5. I think a spin off from the gross games is the shame games, where a student comes forward and ends up looking stupid in front of their peers. I never find there to be value or humour in belittling a student for the benefit of “entertainment.” Classic examples would be the chair an inch off the ground, but the student thinks they are like 4 feet off the ground, or 4 kids are brought up and blindfolded and then 3 taken away so everyone can laugh at the one kid still eating a mushy banana or something. That’s so uncool. Apart from that, I’ve been very averse to gross games. There are tons of quality games out there that don’t need to rely on the gross factor to be awesome.

  6. Messy/gross games are like most things in youth ministry: if you think it through and have a plan they can work great, if not you may well be in for it. We do messy games periodically in our middle school ministry, but only take volunteers, usually giving them a solid heads-up of what they’re getting into. We’ve found using them periodically to build the energy level or as an attention getter for the message can create energy, memories, and even a buzz at school. However, we never do gross games as all play games and again, try to have a plan and boundaries in place to assure safety and keep things positive. If you plan, have a purpose, and use sparingly they can play a role in your programming.

  7. i agree, in my opinion gross games are the worst, a remnant from a previous decade of youth ministry. i also see that they represent a lack of creativity, if you can’t come up with something better to do, then may as well, throw a bunch of old stuff in a blender.

    thank you for this post.

  8. We have one fear factor night each year in place of a halloween party. Each year is a little different. We have a gross food related game that each year draws more and more NEW youth. We are a very small church, maybe 12 families on Sunday morning, but the youth gfroup draws 6o+ youth each week. Most do not go to church anywhere. We break up into teams, if a kid doies not want to play they can opt out. when its your turn you shoot a basket, make a put, whatever, if you miss you roll 2 dice. the numbers 1 – 12 correspond with a food….all gross, most however are eaten regularly in other countries or fed to starving youth in 3rd world countries, a couple are always just gross and one always involves a blender…choc cake and cider…mmm pizza flurry or happy meal shake,. we use this game eventually to teach the youth what others eat and why. We also tie fear factor night into death and fear. Should we worry. Should we fear death, etc. This is usually one of our biggest draws of the year….but we only do it once.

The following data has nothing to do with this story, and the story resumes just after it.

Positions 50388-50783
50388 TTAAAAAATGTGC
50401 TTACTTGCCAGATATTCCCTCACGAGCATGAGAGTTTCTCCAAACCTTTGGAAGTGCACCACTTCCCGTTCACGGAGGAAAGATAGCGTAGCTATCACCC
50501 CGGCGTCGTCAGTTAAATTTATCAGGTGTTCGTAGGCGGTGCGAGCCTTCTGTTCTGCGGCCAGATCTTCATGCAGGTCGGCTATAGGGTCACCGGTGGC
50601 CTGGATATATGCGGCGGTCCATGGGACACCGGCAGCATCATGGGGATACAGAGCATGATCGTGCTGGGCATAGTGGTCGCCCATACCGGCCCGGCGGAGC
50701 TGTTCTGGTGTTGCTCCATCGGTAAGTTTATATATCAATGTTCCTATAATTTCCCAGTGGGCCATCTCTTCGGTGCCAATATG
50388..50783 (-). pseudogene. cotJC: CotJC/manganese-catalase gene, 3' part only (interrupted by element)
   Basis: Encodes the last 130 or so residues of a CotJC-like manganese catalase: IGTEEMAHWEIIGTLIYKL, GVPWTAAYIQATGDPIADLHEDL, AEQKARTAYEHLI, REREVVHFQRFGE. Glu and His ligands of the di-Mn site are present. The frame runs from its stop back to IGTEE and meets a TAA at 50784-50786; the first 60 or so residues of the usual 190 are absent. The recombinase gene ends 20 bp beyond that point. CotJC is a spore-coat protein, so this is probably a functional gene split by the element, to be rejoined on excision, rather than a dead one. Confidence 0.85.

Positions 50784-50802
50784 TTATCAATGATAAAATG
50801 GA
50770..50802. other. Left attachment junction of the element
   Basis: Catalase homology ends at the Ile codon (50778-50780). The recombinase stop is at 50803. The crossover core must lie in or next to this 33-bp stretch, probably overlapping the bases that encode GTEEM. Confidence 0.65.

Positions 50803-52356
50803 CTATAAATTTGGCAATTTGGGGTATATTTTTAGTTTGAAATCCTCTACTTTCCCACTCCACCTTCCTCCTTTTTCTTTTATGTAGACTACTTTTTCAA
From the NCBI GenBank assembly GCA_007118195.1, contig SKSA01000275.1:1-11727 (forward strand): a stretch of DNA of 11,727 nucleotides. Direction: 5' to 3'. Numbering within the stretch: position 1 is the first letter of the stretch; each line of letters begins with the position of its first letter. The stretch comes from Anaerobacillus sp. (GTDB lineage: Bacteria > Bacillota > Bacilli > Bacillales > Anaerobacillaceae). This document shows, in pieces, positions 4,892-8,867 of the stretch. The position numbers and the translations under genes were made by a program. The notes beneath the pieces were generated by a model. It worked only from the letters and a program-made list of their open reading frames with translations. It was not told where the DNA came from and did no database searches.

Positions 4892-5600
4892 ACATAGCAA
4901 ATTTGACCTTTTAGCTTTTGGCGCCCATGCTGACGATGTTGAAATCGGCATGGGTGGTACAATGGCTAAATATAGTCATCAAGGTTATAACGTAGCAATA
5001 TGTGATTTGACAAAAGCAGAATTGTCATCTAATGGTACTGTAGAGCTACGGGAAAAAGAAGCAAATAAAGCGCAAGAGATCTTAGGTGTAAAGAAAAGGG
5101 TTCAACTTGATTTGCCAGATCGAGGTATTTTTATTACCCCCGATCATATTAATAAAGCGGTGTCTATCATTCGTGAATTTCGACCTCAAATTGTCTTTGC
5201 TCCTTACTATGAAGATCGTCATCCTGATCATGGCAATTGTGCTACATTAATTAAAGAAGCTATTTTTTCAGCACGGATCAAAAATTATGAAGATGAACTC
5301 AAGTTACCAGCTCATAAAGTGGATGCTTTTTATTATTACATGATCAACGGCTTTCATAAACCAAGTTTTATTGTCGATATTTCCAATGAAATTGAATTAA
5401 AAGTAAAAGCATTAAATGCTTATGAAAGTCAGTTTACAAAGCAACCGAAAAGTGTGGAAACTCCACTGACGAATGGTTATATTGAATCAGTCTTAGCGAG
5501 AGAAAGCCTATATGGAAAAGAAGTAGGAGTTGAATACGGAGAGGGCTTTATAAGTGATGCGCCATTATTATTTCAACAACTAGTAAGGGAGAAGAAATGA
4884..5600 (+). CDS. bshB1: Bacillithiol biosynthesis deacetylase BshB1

9. I have to say that I agree with almost every thing you shared here. Over the past ten years as a youth pastor, I’ve discovered that most of our students do not enjoy playing gross games. That being said, we do play some because many of them enjoy watching.

    I think the greatest problem lies in forcing students to play. No one should ever be made to do something gross, but let’s be honest, sometime gross can be fun and funny. Millions of people watch Nathan’s Hot Dog Eating Contest every year, which is not exactly a beauty contest. I think it is simply knowing your students and your audience. Know who you can use, make sure you disclose the game and make sure to give away an amazing prize!